Verizon Wireless announced a change today to their unlimited family plans by introducing three new tiers of unlimited service, effective June 18. (Spoiler alert: nothing is unlimited.)
In this new “limited unlimited” launch (coined: mix-and-match), family plan customers have the “choice” of picking from three not-really-unlimited plans which limit you in video streaming quality, hotspot data, overall data usage, and more. Even better, you can choose how limited your unlimited family plan is for each individual family member.
Mom can choose ‘sorta limited’ (aka ‘above unlimited’) for times when she wants to jet off to the Mexican Rivera and stream Netflix in HD. And then Mom can turn around and force a ‘you’re hella limited’ plan (aka ‘go unlimited’) for her son, who will end up getting his data throttled within hours because mom was too cheap to buy up to the ‘sorta limited’ plan.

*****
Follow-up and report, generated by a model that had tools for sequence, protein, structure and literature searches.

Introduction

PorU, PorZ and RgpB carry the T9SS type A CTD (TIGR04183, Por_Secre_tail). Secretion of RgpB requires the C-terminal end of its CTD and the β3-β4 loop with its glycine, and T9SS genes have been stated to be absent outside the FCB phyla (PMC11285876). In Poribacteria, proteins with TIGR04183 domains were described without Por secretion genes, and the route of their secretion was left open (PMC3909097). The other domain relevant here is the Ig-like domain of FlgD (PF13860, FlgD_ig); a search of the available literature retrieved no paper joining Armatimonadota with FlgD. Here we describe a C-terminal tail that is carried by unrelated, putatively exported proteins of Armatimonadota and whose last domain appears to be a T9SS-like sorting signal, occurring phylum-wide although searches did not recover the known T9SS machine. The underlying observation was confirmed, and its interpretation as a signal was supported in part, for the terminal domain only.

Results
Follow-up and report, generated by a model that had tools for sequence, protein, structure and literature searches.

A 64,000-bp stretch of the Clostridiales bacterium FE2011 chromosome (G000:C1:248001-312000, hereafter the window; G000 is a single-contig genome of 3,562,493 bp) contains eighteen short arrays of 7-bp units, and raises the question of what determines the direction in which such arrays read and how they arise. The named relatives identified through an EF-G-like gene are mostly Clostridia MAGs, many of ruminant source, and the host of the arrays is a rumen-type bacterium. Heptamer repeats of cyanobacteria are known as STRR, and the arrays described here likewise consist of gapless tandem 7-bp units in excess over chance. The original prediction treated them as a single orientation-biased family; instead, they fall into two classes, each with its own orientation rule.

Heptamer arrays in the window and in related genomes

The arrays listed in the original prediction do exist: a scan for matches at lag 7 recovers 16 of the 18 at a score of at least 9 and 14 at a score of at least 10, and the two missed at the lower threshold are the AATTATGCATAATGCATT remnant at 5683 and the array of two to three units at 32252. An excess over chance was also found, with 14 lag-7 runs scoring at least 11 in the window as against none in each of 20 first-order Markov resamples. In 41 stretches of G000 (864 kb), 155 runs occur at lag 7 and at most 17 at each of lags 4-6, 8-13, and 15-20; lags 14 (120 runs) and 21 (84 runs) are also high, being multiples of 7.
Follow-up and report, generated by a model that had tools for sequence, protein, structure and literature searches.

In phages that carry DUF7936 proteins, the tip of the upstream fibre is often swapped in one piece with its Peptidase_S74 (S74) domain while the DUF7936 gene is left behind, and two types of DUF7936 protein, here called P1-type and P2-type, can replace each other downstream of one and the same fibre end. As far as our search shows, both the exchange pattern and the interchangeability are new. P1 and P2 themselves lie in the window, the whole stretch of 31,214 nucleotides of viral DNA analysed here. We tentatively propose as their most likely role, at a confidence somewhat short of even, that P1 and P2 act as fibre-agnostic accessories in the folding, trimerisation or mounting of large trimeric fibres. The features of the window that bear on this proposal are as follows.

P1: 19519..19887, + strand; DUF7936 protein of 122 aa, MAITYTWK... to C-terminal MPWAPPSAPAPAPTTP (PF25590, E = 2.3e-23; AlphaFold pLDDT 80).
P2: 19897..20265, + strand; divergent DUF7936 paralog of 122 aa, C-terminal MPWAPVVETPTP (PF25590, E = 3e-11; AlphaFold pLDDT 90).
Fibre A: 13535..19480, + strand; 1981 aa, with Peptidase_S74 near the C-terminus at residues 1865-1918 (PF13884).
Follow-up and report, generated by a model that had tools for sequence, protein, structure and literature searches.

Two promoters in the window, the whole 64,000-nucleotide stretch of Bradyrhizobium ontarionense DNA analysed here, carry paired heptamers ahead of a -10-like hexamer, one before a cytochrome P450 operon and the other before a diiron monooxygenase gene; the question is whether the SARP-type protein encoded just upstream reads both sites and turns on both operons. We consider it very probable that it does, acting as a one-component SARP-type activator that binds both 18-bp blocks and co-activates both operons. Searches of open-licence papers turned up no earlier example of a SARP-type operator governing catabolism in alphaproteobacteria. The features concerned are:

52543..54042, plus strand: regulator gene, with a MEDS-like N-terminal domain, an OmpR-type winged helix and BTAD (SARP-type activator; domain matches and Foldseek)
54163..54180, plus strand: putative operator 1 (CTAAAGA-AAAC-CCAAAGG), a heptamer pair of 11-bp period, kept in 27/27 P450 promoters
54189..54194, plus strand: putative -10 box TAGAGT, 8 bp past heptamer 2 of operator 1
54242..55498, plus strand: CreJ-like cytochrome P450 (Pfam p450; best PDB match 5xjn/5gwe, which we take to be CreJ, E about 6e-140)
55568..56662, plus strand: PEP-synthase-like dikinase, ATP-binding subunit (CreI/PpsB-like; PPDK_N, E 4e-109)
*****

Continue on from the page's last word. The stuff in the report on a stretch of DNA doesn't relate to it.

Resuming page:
But don’t worry, this really-fake-nice-dude-who-needs-some-media-training tells us all of this is actually a good thing. ‘Cus mix-and-match. ‘Cus choice. ‘Cus simplicity. What could be wrong with mixing-and-matching-and-choicing-and-simple-things?
Everything. Everything is wrong about this, Verizon EVP Ronan Dunne. It makes no sense. You can’t change the meaning of the word “unlimited,” Ronan. Only the Oxford dictionary people can do that.
But, since Dunne and his press release said this change is all about choice and simplicity, Verizon obviously thought well enough ahead to create an exceedingly simple-to-understand pricing matrix to underscore that theme…or so one would hope. I dare you to figure out what your monthly plan costs would be.
All snark aside, Verizon Wireless made a dumbfounded and head-scratching move by introducing these complicated plans. This is not unlimited data. This is fake unlimited. Ronan, stop deceiving consumers. It’s time that you and your company be honest and transparent with its customers. Consumers deserve better. And we need to demand better.
My suggestion would be to check out other carriers, especially if you’re willing to give up some data speeds and coverage in exchange for lower plan pricing and less pricing confusion.